Spoon University brings new scoop to eating at Tulane


Alexandra Hassan, Senior Staff Reporter

Undergraduate Student Government granted Spoon University, a food blog created by college students, provisional status by Undergraduate Student Government at its March 3 meeting.

The organization offers recipes and tips for college students and has 50 chapters nationwide on college campuses.

Freshman Harper Garfinkle said though Spoon University is a national website, the Tulane page focuses on food aspects in New Orleans and on campus. Spoon’s articles will cover a wide variety of food-focused subjects.

“[Spoon University is] about everything that relates to Tulane, to New Orleans or food in general,” Garfinkle said. “We did an eating disorder article for eating disorder awareness week, wrote about the dining halls and are also doing an eating abroad section.”

Junior Stephanie Forsey said the organization consists of both marketing and writing for the website. She said the difference between Spoon University and other existing writing organizations is its intention to host events and become involved with the community in addition to its publications.

“It’s really cool because [Spoon University] is writing-focused, but it’s also marketing focused,” Forsey said. “We have a marketing team and a writing team.”

Forsey said that she and Junior Casey Lynch tried to bring Spoon University to Tulane’s campus last year. It did not gain enough traction, however.

“We were both abroad last semester and it kind of died down,” Forsey said. “A member of nationals reached out to me and he said, ‘do you want to bring it up again,’ and that got the ball rolling.”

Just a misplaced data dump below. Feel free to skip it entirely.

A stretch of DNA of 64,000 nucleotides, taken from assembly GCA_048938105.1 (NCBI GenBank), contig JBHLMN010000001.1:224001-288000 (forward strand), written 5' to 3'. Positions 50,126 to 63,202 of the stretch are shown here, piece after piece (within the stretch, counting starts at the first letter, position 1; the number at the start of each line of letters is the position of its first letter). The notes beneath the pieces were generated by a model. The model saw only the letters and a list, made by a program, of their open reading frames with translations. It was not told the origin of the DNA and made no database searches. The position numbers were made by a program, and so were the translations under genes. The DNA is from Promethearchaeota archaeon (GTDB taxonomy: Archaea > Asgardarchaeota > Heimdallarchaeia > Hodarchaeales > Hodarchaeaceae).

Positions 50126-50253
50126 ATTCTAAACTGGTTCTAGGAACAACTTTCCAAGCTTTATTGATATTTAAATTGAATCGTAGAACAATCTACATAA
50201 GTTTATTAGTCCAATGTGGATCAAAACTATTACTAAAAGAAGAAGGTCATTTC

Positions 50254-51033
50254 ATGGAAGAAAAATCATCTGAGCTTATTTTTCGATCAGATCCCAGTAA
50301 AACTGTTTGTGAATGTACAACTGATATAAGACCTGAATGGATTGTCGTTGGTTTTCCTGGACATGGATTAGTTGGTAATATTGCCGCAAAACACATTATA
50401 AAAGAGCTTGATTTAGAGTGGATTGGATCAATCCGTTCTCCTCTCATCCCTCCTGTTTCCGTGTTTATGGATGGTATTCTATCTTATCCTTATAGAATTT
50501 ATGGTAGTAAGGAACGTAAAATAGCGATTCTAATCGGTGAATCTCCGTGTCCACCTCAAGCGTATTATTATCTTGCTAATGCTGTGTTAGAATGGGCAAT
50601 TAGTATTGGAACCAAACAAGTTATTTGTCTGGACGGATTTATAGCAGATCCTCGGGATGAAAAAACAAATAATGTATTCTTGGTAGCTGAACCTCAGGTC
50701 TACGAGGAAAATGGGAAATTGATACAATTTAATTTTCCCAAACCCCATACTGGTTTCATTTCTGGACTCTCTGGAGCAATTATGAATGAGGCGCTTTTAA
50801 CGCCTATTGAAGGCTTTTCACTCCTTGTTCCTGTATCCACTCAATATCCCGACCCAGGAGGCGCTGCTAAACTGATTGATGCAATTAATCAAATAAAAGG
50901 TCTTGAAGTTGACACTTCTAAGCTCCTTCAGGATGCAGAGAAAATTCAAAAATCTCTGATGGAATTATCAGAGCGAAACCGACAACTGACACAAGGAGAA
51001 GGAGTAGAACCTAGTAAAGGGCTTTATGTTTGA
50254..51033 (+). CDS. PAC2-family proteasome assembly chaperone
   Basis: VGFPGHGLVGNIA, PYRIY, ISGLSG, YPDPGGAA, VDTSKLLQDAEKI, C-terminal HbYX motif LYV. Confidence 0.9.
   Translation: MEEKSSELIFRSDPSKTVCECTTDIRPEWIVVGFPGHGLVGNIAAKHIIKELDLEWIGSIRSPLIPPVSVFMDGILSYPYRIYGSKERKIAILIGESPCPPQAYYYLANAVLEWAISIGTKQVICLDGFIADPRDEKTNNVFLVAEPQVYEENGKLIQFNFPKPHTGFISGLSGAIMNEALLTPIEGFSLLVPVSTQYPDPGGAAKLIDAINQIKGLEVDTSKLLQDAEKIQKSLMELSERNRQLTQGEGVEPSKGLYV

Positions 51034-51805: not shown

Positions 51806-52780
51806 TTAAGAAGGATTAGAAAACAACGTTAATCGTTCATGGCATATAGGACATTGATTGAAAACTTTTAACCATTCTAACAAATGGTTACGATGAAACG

Garfinkle became involved in Spoon University because of her love of food. She said New Orleans is an ideal place for the food blog and believes it will promote discussion about food in the city.

“I am really interested in food, and I had heard about Spoon at other universities and how successful it was,” Garfinkle said. “I thought coming to New Orleans, with such a great food base, would be a great place. I thought it’d be a great way to get involved on campus and in the city and talk about food.”

Getting involved in the organization can help students hone in on their writing and marketing skills. It can help students explore all the food options New Orleans has to offer.

“I think it’s great if you wanted to be on the team,” Forsey said. “It’s a great way to build your marketing, writing and communication skills in general and for the Tulane public.”

There are many obstacles on-campus students face with meal plans. Forsey said students who live off campus can also have a difficult time learning to cook and facing the food realities of living on one’s own for the first time.

“New Orleans has such a great food culture so it really offers a way to navigate through it, especially since there’s a lot of challenges with eating on campus as a freshman or sophomore,” Forsey said. “Cooking in a dorm or eating off campus as a junior and senior [can be challenging]. There is a nutrition factor to it so that you can learn how to eat healthy on your own and that’s a big piece for college students.”

Lynch said she encourages everyone who is interested to come to Spoon University’s launch party 5-7 p.m. March 19 at the Bea Field Alumni House.

Tickets to the event are $3 and will include all-you-can-eat food from local businesses and a raffle ticket. Winners can win gift cards from local restaurants, such as Stein’s Deli and Charcoal’s Gourmet Burger Bar, according to the Facebook page.

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